- Mail your request to the address listed in the “Re-Parole” section on the Humanitarian or Significant Public Benefit Parole for Individuals Outside the United States page or e-file your application through your USCIS online account. (Do not mail an application for re-parole to the PO Box 8500 address that you used for your initial HFRP application.)
|Your parole period is about to expire and you have not requested or obtained re-parole or are otherwise in an authorized period of stay||You must request re-parole to remain lawfully in the United States. We will consider re-parole requests on a case-by-case basis under the same terms as the initial parole under the HFRP Program. You should submit your request at least 90 days before your parole expiration date to allow time for processing.|
|Your parole period has already expired, but you have not requested re-parole or a Green Card and are not otherwise in an authorized period of stay||You may not be in an authorized period of stay; however, you may still request re-parole. You should submit a complete request for re-parole as soon as possible. If we approve your request, you may be eligible to apply for a Green Card when your immigrant visa is available. However, if we deny your re-parole request, you may not be in an authorized period of stay and you may be accruing unlawful presence. (See the Unlawful Presence section above for more details.)|
See the family reunification parole processes page for more information on applying for parole under the modernized family reunification process for Haitians. USCIS is no longer accepting Form I-131 for initial HFRP requests.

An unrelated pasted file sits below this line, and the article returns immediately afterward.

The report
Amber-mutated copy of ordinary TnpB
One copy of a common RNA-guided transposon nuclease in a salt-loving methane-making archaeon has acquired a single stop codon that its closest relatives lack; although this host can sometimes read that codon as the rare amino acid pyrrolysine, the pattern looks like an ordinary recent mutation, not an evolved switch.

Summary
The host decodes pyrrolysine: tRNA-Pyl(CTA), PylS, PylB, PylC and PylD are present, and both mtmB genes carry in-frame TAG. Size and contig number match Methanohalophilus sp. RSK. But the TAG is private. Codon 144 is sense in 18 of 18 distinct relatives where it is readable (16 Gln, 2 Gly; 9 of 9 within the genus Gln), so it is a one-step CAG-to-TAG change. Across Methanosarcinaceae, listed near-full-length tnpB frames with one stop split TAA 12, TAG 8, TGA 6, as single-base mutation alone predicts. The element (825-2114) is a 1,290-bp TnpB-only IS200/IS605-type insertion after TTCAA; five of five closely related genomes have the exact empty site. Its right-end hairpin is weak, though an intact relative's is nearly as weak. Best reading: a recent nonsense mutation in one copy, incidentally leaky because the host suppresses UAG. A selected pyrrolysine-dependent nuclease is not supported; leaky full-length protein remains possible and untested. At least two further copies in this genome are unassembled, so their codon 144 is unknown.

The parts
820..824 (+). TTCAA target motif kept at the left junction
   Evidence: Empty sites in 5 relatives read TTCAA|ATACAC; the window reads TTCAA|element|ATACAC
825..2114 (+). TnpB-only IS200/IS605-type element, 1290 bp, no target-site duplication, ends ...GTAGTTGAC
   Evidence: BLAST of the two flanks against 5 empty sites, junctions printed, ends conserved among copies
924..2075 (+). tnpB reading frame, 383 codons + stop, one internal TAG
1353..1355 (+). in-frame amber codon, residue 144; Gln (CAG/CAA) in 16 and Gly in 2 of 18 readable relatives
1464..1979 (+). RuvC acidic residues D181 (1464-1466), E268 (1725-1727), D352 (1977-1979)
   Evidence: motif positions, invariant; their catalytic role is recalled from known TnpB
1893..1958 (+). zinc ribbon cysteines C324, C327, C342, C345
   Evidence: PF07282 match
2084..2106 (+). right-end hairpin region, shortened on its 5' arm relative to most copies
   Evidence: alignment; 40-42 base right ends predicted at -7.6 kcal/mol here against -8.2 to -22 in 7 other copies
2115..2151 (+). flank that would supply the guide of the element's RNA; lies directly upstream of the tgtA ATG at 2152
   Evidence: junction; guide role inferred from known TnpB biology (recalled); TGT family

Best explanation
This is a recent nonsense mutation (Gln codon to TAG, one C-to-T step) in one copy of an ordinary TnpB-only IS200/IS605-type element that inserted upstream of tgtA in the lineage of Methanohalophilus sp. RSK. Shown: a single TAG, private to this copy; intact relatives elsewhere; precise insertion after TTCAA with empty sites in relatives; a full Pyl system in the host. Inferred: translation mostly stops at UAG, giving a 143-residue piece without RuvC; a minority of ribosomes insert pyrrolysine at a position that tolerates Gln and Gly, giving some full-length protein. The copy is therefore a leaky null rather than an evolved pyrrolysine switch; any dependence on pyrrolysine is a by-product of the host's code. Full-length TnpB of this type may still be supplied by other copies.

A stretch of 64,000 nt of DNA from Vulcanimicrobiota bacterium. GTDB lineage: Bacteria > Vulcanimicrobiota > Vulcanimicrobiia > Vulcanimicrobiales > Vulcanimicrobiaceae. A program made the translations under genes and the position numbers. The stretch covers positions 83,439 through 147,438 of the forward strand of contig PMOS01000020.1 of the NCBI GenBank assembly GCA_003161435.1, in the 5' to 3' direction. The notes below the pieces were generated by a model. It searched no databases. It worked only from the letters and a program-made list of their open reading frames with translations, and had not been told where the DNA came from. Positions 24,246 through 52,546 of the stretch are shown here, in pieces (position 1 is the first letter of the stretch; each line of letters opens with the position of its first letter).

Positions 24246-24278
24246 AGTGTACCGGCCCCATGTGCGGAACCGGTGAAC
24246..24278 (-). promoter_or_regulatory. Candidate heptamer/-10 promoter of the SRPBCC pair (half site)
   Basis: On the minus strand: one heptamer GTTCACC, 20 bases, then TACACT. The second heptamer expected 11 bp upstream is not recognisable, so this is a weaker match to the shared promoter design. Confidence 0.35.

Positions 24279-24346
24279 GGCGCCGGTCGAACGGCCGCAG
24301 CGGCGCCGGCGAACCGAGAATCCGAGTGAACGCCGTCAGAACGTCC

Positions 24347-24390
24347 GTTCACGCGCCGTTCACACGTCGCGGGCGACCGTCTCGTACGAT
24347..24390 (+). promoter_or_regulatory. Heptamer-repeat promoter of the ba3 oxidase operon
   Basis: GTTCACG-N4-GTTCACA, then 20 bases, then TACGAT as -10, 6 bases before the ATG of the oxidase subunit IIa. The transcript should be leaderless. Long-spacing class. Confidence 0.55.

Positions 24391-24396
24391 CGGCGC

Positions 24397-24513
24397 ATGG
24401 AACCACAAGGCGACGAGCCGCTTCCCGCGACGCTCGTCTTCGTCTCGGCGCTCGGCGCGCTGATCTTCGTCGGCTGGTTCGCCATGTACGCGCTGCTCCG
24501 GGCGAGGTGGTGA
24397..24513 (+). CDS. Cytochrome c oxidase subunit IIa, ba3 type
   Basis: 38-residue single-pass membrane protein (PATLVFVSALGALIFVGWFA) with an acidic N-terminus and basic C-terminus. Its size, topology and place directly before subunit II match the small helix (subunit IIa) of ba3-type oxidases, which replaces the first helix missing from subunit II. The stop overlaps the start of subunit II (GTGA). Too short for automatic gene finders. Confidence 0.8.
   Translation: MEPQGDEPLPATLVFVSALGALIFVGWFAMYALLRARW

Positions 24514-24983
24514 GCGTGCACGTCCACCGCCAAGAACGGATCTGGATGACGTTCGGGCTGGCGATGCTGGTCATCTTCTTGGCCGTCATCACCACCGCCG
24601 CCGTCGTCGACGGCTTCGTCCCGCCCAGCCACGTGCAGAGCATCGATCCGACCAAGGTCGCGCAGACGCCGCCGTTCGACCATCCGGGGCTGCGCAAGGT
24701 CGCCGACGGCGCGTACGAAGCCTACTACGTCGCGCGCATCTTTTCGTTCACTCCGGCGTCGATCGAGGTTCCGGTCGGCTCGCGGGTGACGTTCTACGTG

The HFRP Program was created on Dec. 18, 2014, to expedite family reunification through safe, legal, and orderly channels of migration to the United States, increase existing avenues for legal migration from Haiti, and help Haiti continue to recover from the devastation and damage suffered in the Jan. 12, 2010, earthquake.
Although we announced in August 2019 our intention to end the HFRP Program, we no longer plan to terminate the program.
It is helpful to remember:
- USCIS and the Department of State strongly urge you and your family members to remain vigilant about the possibility of individuals who claim to be U.S. government representatives asking for money. These individuals, or “scammers,” may attempt to trick you into paying them by offering to help file applications for the HFRP Program. To learn more about common immigration scams and how to report scammers, please visit our Avoid Scams page.
- Websites ending in “.gov” are official government websites. Information on official U.S. government websites ending in “.gov” is official and correct. Official U.S. government email addresses also end in “.gov,” and you should be suspicious of any correspondence coming from an address that does not end with “.gov.”
- Family Reunification Parole Processes
- The Haitian Family Reunification Parole (HFRP) Program (Haitian Creole)
- How to check if your immigrant visa is available (English) (PDF, 185.1 KB)
- How to check if your immigrant visa is available (Haitian Creole) (PDF, 189.21 KB)
- Department of State Visa Bulletin
- Child Status Protection Act (CSPA)
- USCIS fee schedule
- Additional Information on Filing a Fee Waiver
- Unlawful Presence and Inadmissibility
- Form I-130, Petition for Alien Relative
- Form I-485, Application to Register Permanent Residence or Adjust Status
- Form I-864, Affidavit of Support
- Form I-131, Application for Travel Document
- Form I-912, Request for Fee Waiver
- Form I-134, Declaration of Financial Support
- Form I-765, Application for Employment Authorization
- Form I-601, Application for Waiver of Grounds of Inadmissibility
- Form I-601A, Provisional Unlawful Presence Waiver